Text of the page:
|"Casino Royale" (1967).|
Films that start genres usually get a lot more respect than "Casino Royale" (1967. Modern science fiction films all flow from the original "The Day the Earth Stood Still," modern spy films from "Dr. No" or, really, from "North By Northwest," films about cheeky bands derive from "A Hard Day's Night," and so on. All revered, all loved, all fondly remembered. Then, you have "Casino Royale." What, you say? How dare I lump this forgotten film in with those classics? Well, "Casino Royale" absolutely belongs in that elite company. As the first modern farcical satire, it led directly to classic send-up films such as "Blazing Saddles," "Airplane," "Caddyshack" and just about everything Leslie Nielsen appeared in since 1980. And, if you can look past its quirky flaws, "Casino Royale" holds up quite nicely beside any of those films.
|Ursula Andress is in her second Bond film. I don't see anything wrong with this....|
David Niven plays the original James Bond 007 (that's how the name is given throughout, just to hammer the point home that he's James Bond THE SPY and not just some ordinary joker by that name), now a contented recluse. Because somebody is wiping out all his successors (all other spies also being called "James Bond"), he is recalled into service and coerced into restoring the natural order of things.
|Orson staring down James Bond over Baccarat.|
Well, so far, so good. The balance of the film follows not only the Niven 007, but also a bunch of other British spies also known as 007 - because that has become the brand name for "top spy." And ultimately there are half a dozen or more James Bond 007s floating around, all slowly closing in on the source of all the problems being suffered by British Intelligence. And so the satire unfolds.
|Who was the real star of "Casino Royale"? In Italy, it was Orson Welles.|
The truly defining quality of this film is that it is undeniably British. Indeed, that is how it should be, Bond is a British agent and he works for the Queen. With all the "official" films, Bond instead is portrayed as a kind of stateless archetype. There are all sorts of sly digs at the "official" films, not the least being the interchangeable Bonds and the fact that, while he is an identifiable individual, he is portrayed as more of a symbol of invincibility than anything else. While Bond is quite at home with the Americans in the "official" films, here he is defiantly British, and the Americans (and everyone else) are caricatures written as broad stereotypes.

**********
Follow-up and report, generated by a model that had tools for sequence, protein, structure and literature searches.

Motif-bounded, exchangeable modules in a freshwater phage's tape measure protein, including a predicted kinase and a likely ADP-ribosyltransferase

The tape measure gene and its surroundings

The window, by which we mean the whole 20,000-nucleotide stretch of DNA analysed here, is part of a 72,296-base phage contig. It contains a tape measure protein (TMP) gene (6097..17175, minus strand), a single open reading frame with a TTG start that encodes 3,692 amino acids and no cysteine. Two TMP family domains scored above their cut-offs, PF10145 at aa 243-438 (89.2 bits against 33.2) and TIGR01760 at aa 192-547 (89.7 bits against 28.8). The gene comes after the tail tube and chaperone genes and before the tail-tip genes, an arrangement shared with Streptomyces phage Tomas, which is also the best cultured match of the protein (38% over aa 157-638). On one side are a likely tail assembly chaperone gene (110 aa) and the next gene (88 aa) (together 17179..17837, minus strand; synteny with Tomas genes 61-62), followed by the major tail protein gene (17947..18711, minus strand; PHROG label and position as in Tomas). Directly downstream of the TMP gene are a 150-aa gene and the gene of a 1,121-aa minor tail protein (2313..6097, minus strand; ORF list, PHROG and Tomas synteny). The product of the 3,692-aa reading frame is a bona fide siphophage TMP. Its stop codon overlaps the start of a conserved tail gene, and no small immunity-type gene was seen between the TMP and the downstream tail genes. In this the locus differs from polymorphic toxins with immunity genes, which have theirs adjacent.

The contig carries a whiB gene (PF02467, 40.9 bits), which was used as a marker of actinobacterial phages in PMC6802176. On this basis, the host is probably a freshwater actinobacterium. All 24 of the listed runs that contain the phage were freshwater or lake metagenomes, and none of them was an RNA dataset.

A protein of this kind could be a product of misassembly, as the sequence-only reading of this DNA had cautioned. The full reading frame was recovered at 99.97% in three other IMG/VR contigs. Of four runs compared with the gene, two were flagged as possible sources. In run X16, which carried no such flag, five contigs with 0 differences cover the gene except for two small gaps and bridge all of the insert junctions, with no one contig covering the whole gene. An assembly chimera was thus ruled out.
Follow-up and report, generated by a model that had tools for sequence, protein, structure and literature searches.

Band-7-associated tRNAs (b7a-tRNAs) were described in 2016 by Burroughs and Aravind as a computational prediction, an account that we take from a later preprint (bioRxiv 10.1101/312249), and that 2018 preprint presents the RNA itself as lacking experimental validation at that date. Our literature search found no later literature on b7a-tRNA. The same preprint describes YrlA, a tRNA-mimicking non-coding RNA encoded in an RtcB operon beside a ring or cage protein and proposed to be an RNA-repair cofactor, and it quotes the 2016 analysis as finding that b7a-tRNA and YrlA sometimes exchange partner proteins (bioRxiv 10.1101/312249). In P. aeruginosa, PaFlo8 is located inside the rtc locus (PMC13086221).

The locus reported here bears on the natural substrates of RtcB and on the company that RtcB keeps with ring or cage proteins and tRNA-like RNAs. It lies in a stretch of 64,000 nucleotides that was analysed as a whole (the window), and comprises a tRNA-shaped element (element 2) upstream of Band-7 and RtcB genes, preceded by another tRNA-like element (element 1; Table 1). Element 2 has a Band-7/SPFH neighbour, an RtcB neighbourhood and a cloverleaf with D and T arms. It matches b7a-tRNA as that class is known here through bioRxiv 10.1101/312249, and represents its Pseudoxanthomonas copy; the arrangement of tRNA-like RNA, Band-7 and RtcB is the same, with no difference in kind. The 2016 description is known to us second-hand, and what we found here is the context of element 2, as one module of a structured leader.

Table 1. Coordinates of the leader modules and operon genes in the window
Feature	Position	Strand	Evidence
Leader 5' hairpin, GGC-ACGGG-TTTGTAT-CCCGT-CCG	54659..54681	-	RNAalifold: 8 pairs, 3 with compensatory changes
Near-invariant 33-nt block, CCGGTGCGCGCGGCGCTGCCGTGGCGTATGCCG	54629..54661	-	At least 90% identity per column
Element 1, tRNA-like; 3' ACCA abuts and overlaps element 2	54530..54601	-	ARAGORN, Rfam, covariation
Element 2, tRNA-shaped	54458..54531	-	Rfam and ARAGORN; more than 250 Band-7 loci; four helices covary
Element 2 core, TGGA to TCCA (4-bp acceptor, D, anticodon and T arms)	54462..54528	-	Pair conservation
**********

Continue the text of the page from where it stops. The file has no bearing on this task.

|Watch those hands, Mister! Daliah Lavi tempts Jimmy Bond.|
Besides being the birth of the modern satire, "Casino Royale" also introduced stunt casting. George Raft is billed as a lead, despite having exactly one line of dialog and about 20 seconds of screen time, solely to have him stand there and flip his coin. Woody Allen is present to do his neurotic American Jew bit, Jean-Paul Belmondo to represent the French, and so forth. Orson Welles plays the heavy and essentially steals his scenes as Le Chiffre - which admittedly is not too difficult to do in this haphazard affair. Ursula Andress, in her second Bond outing (after "Dr. No") and Daliah Lavi are around to spice things up. Some of the biggest stars in Hollywood and other endeavors are in the background if you keep your eyes open and don't blink (e.g., Peter O'Toole, Elke Sommer, Burt Kwouk, Jacqueline Bisset, Stirling Moss).
Aside from everything else, the score is a treasure. Musical composers and performers Herb Alpert and Burt Bacharach are at the tops of their games, the crown jewel being the hit "The Look of Love" sung by Dusty Springfield. You'll probably enjoy the film just because of that tune's sudden appearance midway through.
|I always thought David Niven was the REAL James Bond. And he is! Here, with Daliah Lavi.|
Full of all sorts of marvelous send-ups of the Bond franchise, the real drawback to "Royale" is simply that it is disjointed and difficult to follow. The film opens with Peter Sellers being identified as Bond, but then we abruptly get the Niven character as Bond, and it all gets confusing. There are also huge holes in the script - one second Bond is chasing the villain Le Chiffre (Orson Welles), the next he is being tortured by Le Chiffre - without any explanation what happened in between. The story really ignites every time Orson is on the screen, each appearance memorable.
A few times, improv moments by Sellers that are absolutely unrelated to anything else in the film are thrown in simply because they are available. As you've probably heard, the problem was because Sellers left the production while on some kind of ego trip and they had trouble fitting his scenes together in any kind of coherent fashion. You really need to view this several times to sort everything out and enjoy all the references. Not everybody will have the patience to do that.
But, if you put in the effort, you will appreciate why this was one of the top box office hits of 1967. It is a wildly amusing spoof of the pompous "official" Bond franchise and well worth your time.